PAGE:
FRIDAY, Nov. 20, 2020 — Late-life exposure to particulate matter with aerodynamic diameter <2.5 µm (PM2.5) is associated with Alzheimer disease (AD) pattern similarity (AD-PS) scores among women, corresponding to an increase in AD risk, according to a study published online Nov. 18 in Neurology.
Diana Younan, Ph.D., from the University of Southern California in Los Angeles, and colleagues examined whether late-life exposure to PM2.5 contributes to progressive brain atrophy predictive of AD. Participants were older women with up to two brain magnetic resonance imaging (MRI) scans performed in 2005 to 2006 and in 2010 to 2011. AD-PS scores were used to capture high-dimensional gray matter atrophy in brain areas vulnerable to AD. A spatiotemporal model was implemented to estimate three-year average exposure to PM2.5 preceding MRI-1.
The researchers found that in cross-sectional analyses, for 1,365 women aged 77.9 ± 3.7 years in 2005 to 2006, no association was seen between PM2.5 and baseline AD-PS score. Longitudinally, there was an association noted for each interquartile range increase of PM2.5 with elevated AD-PS scores during follow-up, equivalent to a significant increase in AD risk over five years (hazard ratio, 1.24). The association persisted after adjustment for multiple confounding variables and was observed with PM2.5 levels below U.S. regulatory standards.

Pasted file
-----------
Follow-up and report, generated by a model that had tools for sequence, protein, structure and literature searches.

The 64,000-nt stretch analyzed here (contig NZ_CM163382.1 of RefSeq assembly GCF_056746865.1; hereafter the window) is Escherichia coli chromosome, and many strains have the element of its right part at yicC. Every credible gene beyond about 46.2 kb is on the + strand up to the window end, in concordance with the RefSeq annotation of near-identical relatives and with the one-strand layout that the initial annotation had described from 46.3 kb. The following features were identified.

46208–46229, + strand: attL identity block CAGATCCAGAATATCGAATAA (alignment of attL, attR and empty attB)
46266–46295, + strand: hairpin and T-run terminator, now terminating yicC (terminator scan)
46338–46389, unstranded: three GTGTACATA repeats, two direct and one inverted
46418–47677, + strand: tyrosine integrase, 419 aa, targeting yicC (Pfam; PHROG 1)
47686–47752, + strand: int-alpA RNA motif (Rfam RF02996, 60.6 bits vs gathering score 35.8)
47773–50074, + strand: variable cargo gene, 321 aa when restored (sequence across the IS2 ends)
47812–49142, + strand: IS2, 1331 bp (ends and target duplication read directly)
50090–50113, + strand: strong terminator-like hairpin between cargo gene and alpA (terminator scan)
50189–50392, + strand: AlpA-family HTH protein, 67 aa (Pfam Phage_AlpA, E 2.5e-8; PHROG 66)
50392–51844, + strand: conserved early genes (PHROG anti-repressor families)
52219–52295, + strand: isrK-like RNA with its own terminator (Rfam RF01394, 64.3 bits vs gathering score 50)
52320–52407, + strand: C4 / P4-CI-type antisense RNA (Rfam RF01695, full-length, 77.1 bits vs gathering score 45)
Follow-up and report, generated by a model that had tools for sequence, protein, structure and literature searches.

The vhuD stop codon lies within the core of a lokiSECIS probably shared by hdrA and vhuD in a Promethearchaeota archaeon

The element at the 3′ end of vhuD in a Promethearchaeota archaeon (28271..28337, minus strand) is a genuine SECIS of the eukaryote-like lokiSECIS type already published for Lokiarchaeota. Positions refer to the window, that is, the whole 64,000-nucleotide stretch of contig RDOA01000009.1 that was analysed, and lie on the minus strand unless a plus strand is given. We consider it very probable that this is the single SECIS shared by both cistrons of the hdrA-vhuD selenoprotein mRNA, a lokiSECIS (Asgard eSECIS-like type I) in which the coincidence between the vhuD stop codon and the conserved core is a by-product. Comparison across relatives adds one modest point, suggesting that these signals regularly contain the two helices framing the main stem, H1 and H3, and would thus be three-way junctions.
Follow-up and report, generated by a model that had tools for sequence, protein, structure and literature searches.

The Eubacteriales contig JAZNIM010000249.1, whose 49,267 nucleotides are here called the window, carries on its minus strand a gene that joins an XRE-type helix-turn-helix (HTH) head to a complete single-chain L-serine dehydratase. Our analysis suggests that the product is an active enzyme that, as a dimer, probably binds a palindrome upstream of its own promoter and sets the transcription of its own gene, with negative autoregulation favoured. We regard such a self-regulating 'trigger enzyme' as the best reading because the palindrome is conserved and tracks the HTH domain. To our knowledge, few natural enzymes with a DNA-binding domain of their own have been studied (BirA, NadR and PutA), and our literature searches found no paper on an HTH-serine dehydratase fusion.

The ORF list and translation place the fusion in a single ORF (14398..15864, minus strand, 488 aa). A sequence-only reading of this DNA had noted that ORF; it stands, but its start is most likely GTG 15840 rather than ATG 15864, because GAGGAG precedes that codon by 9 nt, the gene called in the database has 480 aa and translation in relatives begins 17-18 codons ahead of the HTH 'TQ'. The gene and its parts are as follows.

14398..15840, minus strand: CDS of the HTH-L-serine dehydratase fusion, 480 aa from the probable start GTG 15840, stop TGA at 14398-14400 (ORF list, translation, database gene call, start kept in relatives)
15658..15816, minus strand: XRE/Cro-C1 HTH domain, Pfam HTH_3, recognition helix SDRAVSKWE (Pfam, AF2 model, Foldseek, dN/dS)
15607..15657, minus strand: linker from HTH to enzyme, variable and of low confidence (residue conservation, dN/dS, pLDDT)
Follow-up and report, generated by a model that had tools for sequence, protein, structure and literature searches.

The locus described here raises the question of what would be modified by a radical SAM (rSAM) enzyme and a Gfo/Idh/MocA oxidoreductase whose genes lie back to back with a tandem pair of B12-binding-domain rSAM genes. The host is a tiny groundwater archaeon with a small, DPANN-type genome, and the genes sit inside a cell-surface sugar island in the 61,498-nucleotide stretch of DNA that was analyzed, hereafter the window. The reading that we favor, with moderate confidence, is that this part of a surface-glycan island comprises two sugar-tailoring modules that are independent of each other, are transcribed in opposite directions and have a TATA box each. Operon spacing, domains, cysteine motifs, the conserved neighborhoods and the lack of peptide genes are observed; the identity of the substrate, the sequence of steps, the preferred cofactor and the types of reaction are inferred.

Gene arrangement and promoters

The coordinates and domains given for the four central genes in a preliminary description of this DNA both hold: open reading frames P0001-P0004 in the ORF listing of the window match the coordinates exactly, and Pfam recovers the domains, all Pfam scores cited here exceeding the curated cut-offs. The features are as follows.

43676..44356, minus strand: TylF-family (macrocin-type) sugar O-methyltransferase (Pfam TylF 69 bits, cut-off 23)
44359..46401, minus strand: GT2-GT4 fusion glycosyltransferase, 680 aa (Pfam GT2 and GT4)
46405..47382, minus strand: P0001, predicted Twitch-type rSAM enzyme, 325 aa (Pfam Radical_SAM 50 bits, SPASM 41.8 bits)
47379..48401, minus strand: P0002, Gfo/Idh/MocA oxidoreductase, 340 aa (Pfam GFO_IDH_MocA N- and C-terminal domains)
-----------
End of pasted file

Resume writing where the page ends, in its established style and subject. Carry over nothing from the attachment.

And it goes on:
“Not only did we find brain shrinkage in women exposed to higher levels of air pollution, we also found it in women exposed to air pollution levels lower than those the EPA [U.S. Environmental Protection Agency] considers safe,” the authors write.
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